Know your Scottish Salmon

A leap into the unknown: How climate change will impact Scottish salmon farming

Young people participating in the School Strike For Climate

With almost 1.5 million children striking from school on Friday 15th March, conversations about climate change have been brought firmly into the home and around the dinner table.  But how does climate change affect what is on our dinner tables in Scotland?  

As the demand for Scottish salmon and global sea temperatures increase, it has never been more important to understand the impacts that climate change will have on the Scottish salmon farming industry

Climate change is defined as being a statistically identifiable change in climatic state over a period of time that typically spans at least a decade [1]Changes in climate can either result from both natural variability and human activity, but both the IPCC and the United Nations’ Framework Convention on Climate Change unequivocally express human activity is the primary cause [2] 

UK agricultural and aquaculture industries, which are important domestically and for exports, will be considerably impacted by changes in climateIn 2016, Scottish aquaculture, which consists mainly of salmon farming, generated £1.8 billion for the economy, and the Scottish Government plans to double this to £3.6 billion by 2030 [3] Will this be possible given changes will take place throughout the industry as climate adaptation measures are introduced?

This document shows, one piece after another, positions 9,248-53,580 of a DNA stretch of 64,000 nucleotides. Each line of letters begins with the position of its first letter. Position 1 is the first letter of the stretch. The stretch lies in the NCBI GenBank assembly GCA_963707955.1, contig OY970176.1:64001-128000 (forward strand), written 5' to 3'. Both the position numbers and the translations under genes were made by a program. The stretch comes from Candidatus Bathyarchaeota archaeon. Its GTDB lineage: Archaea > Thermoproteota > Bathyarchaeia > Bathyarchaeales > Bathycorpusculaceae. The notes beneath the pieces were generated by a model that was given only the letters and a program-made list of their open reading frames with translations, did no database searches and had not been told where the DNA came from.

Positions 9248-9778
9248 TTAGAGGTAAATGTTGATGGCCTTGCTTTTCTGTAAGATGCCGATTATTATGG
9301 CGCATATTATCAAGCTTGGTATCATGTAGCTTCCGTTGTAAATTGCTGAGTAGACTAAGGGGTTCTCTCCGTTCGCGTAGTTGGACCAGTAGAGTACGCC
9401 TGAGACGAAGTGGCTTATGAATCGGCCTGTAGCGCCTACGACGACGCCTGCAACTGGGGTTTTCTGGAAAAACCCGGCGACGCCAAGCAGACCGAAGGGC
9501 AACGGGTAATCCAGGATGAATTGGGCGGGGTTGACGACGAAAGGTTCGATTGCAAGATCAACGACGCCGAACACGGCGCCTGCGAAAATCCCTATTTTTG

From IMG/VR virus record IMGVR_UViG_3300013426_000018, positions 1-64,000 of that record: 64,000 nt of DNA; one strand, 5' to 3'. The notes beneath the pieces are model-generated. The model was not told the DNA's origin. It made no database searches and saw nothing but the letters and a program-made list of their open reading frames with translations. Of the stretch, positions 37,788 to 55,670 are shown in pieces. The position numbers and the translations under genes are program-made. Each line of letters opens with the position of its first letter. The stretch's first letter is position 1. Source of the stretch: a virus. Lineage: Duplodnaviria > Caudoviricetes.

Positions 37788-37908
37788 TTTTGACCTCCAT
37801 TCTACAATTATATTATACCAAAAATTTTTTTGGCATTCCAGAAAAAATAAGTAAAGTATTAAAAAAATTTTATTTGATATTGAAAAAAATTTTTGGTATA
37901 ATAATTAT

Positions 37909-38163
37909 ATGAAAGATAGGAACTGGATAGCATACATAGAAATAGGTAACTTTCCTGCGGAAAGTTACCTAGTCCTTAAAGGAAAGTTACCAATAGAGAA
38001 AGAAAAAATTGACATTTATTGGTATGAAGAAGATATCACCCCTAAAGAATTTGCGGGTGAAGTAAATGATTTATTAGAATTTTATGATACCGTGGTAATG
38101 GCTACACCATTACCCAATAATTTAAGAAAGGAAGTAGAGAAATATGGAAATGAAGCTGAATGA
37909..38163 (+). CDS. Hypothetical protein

Scottish Natural Heritage (SNH) warn that for Scotland “increasing ocean temperatures and ocean acidification are the main consequences of climate change”, as well as increasing CO2 levels in the marine environment [4], unavoidably causing problems for the Scottish salmon farming industry. 


The main problems?  

  • Rising sea temperatures  

US National Oceanic and Atmospheric Administration (NOAA) data shows that average global sea surface temperatures increased by approximately 0.13°C per decade over the past 100 years [5]. Not only do increased temperatures cause changes in spatial distribution of wild species, but temperature fluctuations will also enhance conditions for bacteria harmful to fish stocks.   

These changes will be detrimental to environmental systems for several reasons:  

  1. Even small changes in temperature can modify the metabolism, growth, fertility and behaviour of fish [6] 
  2. Temperature rises will increase the growth and breeding rates of parasites, diseases and algal blooms, that all impact salmon health [7], especially in the close, confined spaces of open net pens on Scottish salmon farms